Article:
Say, for instance, I want PHP to send me an email every morning at 7:00 AM reminding me to wear socks. How would I go about making a script that would execute on its own at a specified time every day?
I’d say cron jobs or a meta refresh?
Though I have no idea what either of those are beyond the brief Googlings I just did, I’m still not sure if either of those are useful (but it may just be my ignorance).
Regarding what I believe to be meta refreshes, I suppose if the user opened their browser window to a certain page once a day I could get the current time and calculate the time until I wanted the page to refresh which could somehow send an email (cookies?). But as far as I can tell it would still require the user to open the page once a day and then leave the browser open all night long.
As for what I believe to be cron jobs, I don’t have root access to the server (it’s a school account) so I don’t know if I can even access those settings, and even if I could, Linux frightens me.
Somehow I figured that this was something that people did routinely. Was I wrong, or do they use something other than PHP?
No people, including me, with several scipts, do this all the time and as Zyppora said, Crons and Meta-Refreshes are the way to go.
For example I have a script that checks my email every Weekday, M-F, between the hours of 7:00AM to 6:00PM. If it finds any unread emails it counts them and then texts messages my phone as to how many unread messages there are. I use cron jobs for this. I could have however used Meta-Refresh simply by leaving a browser window open on my computer and have it refresh the same way, just would have had to add in some date functionality.
Maybe if you explained a little more about what the script should do, maybe we can help.
Just So You Know: Linux is pretty common place when it comes to PHP and you should get used to it if you are going to be working a lot with PHP.
Most Linux systems would allow you to set USER cron jobs too. I the command is crontab -e
You can then enter your information (I believe VI is the default editor too.)
The format of a crontab file (which is only plain text) is as follows
M H DOM MON DOW Command
M = minutes -------------> 0-59
H = Hours ----------------> 0-23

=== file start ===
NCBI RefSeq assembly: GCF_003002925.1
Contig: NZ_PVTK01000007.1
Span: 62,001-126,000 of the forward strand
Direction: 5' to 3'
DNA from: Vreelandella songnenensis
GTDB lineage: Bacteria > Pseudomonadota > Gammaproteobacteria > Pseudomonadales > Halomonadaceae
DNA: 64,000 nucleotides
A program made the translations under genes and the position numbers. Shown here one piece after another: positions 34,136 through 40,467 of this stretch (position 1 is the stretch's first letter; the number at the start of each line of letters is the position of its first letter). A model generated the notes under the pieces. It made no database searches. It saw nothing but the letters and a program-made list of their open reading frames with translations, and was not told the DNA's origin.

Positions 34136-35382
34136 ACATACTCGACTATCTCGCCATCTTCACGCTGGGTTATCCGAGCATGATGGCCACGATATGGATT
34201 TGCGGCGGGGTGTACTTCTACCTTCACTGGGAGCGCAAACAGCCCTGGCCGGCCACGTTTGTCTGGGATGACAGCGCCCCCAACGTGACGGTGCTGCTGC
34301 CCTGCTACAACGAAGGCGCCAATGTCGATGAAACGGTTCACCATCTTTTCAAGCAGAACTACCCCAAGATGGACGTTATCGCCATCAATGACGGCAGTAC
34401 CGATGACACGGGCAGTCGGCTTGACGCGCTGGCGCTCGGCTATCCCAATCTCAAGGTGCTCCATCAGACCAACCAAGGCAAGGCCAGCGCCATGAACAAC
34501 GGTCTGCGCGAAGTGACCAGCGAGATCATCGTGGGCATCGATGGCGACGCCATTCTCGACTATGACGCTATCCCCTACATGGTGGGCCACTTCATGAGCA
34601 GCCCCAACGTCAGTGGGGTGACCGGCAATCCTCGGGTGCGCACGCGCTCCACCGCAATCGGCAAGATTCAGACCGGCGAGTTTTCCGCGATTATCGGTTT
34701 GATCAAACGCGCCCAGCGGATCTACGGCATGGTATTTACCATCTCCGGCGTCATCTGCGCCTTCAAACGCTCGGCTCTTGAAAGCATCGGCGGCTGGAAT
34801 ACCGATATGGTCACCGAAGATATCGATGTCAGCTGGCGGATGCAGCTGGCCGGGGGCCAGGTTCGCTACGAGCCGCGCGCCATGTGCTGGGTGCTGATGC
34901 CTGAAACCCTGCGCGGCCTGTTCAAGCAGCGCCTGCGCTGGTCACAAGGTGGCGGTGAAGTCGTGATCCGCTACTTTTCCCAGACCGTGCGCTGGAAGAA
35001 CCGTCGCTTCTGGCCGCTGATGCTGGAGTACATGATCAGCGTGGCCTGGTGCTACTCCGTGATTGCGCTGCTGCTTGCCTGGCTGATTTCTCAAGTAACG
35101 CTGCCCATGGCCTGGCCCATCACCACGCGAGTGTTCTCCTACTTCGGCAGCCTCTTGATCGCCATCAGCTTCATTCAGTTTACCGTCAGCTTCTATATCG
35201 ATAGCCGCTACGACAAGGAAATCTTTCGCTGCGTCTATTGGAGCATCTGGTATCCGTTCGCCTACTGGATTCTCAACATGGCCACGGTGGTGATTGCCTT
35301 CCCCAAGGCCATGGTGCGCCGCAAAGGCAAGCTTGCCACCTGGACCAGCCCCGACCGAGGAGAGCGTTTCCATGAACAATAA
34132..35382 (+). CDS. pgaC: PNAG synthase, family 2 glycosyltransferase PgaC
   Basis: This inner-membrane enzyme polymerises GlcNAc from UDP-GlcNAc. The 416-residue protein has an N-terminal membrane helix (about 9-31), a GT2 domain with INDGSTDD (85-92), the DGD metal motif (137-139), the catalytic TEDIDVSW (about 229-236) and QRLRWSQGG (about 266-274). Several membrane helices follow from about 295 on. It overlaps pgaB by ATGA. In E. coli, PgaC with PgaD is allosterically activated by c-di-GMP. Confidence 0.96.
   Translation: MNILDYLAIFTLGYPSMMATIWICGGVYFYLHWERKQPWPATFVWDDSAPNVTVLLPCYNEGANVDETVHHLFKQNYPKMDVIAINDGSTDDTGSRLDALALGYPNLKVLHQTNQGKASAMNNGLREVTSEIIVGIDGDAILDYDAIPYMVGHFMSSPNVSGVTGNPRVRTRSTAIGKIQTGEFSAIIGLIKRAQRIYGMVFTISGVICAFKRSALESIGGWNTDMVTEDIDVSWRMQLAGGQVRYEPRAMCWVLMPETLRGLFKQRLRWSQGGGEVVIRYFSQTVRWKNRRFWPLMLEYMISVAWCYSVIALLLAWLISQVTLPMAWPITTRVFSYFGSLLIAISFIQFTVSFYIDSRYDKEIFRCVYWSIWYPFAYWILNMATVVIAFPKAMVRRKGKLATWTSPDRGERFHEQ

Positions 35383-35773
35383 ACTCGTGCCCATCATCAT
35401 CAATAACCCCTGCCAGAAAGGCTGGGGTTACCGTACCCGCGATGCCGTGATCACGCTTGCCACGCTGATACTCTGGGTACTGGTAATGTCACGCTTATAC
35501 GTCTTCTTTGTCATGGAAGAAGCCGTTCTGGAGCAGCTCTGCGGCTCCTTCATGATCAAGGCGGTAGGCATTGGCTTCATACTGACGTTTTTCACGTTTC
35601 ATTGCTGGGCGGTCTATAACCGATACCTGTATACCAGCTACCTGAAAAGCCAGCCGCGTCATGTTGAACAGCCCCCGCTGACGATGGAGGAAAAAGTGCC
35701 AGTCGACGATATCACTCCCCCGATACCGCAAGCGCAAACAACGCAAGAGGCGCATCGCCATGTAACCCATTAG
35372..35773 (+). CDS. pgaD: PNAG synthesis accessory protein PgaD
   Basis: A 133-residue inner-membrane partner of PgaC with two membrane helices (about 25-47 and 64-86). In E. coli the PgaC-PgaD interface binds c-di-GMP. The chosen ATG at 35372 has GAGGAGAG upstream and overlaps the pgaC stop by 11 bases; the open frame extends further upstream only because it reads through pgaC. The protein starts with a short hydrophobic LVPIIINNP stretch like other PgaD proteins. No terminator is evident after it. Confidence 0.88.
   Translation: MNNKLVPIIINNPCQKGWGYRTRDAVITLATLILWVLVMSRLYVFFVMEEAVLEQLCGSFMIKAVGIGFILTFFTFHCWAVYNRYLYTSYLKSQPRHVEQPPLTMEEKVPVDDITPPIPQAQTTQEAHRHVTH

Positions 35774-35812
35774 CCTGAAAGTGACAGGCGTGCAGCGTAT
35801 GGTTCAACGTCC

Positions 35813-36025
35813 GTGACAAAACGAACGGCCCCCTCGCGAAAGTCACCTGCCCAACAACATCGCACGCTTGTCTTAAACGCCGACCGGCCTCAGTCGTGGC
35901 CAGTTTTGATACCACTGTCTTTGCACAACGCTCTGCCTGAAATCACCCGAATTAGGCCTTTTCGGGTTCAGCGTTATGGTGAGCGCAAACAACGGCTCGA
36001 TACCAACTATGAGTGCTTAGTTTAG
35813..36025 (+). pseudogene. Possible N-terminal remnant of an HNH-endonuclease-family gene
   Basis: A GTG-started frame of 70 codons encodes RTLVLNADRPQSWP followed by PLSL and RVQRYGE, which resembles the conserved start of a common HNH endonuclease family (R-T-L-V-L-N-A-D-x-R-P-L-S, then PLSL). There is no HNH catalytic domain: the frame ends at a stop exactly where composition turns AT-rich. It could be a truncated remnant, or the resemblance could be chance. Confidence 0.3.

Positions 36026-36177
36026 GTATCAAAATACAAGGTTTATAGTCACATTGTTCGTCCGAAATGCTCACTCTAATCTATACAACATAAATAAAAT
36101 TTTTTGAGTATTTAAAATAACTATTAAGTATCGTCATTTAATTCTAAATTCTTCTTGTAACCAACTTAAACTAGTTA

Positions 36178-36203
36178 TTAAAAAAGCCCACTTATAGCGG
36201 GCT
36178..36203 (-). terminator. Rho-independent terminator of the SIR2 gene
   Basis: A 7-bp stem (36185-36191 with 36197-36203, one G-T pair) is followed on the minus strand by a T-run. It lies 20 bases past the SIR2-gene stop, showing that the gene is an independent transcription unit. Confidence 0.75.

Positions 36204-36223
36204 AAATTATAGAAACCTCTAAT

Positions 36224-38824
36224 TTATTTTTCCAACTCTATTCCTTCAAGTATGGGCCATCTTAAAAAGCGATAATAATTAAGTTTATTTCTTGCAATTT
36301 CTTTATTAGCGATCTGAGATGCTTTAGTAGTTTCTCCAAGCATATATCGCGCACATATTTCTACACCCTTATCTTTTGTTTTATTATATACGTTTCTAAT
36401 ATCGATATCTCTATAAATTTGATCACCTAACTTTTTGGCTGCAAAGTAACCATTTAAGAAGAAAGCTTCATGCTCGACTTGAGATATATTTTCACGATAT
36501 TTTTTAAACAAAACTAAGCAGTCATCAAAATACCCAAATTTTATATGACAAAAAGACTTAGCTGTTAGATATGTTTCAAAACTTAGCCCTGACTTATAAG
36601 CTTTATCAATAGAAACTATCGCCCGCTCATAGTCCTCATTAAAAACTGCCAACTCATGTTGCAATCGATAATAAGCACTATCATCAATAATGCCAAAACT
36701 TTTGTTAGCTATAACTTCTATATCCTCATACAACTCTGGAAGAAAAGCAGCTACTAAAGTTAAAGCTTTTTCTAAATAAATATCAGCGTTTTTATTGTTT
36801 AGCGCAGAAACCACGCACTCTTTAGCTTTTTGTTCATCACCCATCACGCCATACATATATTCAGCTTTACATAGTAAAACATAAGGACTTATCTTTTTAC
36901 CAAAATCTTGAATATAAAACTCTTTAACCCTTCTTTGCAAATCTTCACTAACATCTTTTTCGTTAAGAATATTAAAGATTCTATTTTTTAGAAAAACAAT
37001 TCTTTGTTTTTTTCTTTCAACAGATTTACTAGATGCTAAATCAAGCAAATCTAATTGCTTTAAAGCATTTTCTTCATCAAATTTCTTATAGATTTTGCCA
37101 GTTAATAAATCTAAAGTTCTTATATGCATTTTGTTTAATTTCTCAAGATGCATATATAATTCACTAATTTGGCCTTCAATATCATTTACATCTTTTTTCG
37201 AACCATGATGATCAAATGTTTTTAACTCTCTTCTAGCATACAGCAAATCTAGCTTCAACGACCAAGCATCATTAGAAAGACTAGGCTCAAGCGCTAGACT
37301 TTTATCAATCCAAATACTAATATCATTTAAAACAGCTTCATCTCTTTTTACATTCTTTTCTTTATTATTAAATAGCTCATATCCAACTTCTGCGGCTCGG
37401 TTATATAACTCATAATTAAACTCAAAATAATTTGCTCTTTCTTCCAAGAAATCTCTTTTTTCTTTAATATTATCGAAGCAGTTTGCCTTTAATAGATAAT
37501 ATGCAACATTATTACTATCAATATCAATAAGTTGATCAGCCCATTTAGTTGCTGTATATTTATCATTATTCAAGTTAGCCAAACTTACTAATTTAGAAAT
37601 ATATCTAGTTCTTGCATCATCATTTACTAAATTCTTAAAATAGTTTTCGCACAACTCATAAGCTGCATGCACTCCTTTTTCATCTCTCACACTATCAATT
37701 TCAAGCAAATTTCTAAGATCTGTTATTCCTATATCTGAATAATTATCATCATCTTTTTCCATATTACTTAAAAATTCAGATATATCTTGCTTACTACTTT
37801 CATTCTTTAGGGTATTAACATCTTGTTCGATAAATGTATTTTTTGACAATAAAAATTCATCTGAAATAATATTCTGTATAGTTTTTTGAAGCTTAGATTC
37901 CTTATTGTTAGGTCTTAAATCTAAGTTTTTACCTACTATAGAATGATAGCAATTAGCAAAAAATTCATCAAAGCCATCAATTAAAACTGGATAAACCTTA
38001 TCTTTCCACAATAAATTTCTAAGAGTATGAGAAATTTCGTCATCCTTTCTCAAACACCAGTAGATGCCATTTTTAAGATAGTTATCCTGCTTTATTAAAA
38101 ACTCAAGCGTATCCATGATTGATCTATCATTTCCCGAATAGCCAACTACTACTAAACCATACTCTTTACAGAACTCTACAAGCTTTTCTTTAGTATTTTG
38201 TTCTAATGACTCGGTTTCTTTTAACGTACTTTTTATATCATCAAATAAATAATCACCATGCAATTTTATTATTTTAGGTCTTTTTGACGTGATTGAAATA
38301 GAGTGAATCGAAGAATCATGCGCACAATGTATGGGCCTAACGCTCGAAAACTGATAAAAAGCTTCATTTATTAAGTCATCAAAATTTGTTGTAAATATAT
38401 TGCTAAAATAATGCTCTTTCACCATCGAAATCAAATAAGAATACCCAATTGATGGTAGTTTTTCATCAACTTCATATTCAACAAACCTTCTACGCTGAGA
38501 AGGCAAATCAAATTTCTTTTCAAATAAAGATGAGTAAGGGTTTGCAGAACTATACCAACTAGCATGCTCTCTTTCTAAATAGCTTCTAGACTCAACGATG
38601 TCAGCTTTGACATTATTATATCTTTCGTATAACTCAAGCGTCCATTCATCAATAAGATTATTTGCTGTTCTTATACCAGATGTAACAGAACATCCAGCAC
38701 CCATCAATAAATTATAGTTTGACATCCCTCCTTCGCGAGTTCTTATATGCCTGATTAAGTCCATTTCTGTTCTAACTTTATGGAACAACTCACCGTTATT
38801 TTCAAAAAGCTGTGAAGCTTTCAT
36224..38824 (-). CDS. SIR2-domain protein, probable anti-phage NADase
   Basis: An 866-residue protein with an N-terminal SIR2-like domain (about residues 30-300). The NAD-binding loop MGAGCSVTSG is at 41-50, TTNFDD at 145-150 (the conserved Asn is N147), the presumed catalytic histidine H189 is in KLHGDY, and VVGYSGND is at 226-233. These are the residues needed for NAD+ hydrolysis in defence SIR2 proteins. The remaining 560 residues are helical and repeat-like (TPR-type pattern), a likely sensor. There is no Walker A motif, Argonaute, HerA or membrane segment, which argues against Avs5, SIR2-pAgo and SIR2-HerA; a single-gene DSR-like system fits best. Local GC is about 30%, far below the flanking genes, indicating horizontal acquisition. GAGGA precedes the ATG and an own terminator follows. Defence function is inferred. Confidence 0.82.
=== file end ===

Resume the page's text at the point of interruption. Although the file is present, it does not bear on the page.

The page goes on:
DOM = Day of month —> 1-31
MON = Month ------------> 1-12
DOW = Day of week ----> 0-7 (0 or 7 is Sun)
Command = the command that you wish to run.
If you have more than one “Element” for a particular item, you separate them by a comma, otherwise the fields are separated by (delimited) a space.
Every field must have a value. Using an * (asterisk) means you want it to run EVERY time that “unit” arrives on the clock/calendar.
For example if I was having problems with my ISP and they wanted me to reboot my router every time I got disconnected. Well it was happening several times a day (even when at work), and no one was there to reboot it. So I wrote a script (called pingcheck) that would see if I could ping a web address (outside of my network), and if it could not, it would send a reboot command to the dsl. I wanted it to run every 30 minutes… So I did the following
00,30 * * * * /cron-stuff/pingcheck1 > /dev/null
The command is /cron-stuff/pingcheck1 but I also use the Redirect output to /dev/null because this is unattended and I don’t want to have to deal with prompts on the screen. You could just as easily redirect it to a file (to be used as a log maybe).
I eventually expanded it to run a different Pingcheck (so as to check MULTIPLE sites at different times. So I updated my cron jobs
00 * * * * /cron-stuff/pingcheck1 > /dev/null 15 * * * * /cron-stuff/pingcheck2 > /dev/null 30 * * * * /cron-stuff/pingcheck3 > /dev/null 45 * * * * /cron-stuff/pingcheck4 > /dev/null
Each of the above will run once every hour (at the specified minutes of 00,15,30 and 45)
Now that they have fixed my problem, If I wanted it to run just once a day at let’s say 6:43 AM I could modify it as follows:
43 6 * * * /cron-stuff/pingcheck1 > /dev/null
Or once a week (let’s go with Monday) at 6:43 AM
43 6 1 * * /cron-stuff/pingcheck1 > /dev/null
Or every Monday, Wednesday and Friday at 6:43 AM
43 6 1,3,5 * * /cron-stuff/pingcheck1 > /dev/null
Be careful about the Asterisk though… It means EVERY unit of time for it’s element.
* * 1,3,5 * * /cron-stuff/pingcheck1 > /dev/null
The above would only run Every Monday, Wednesday and Friday, however, it would run 1440 times on each of those days (Every minute for every hour on Monday, Wednesday and Friday )
I hope this helps to clarify the Cron jobs. Also have a look at http://unixhelp.ed.ac.uk/CGI/man-cgi?crontab+5 for the manual page for a cron job.
Thanks a whole lot, that’s actually very helpful. I’ll definitely be using that in the future.
Glad I could help. I actually love using the cronttab.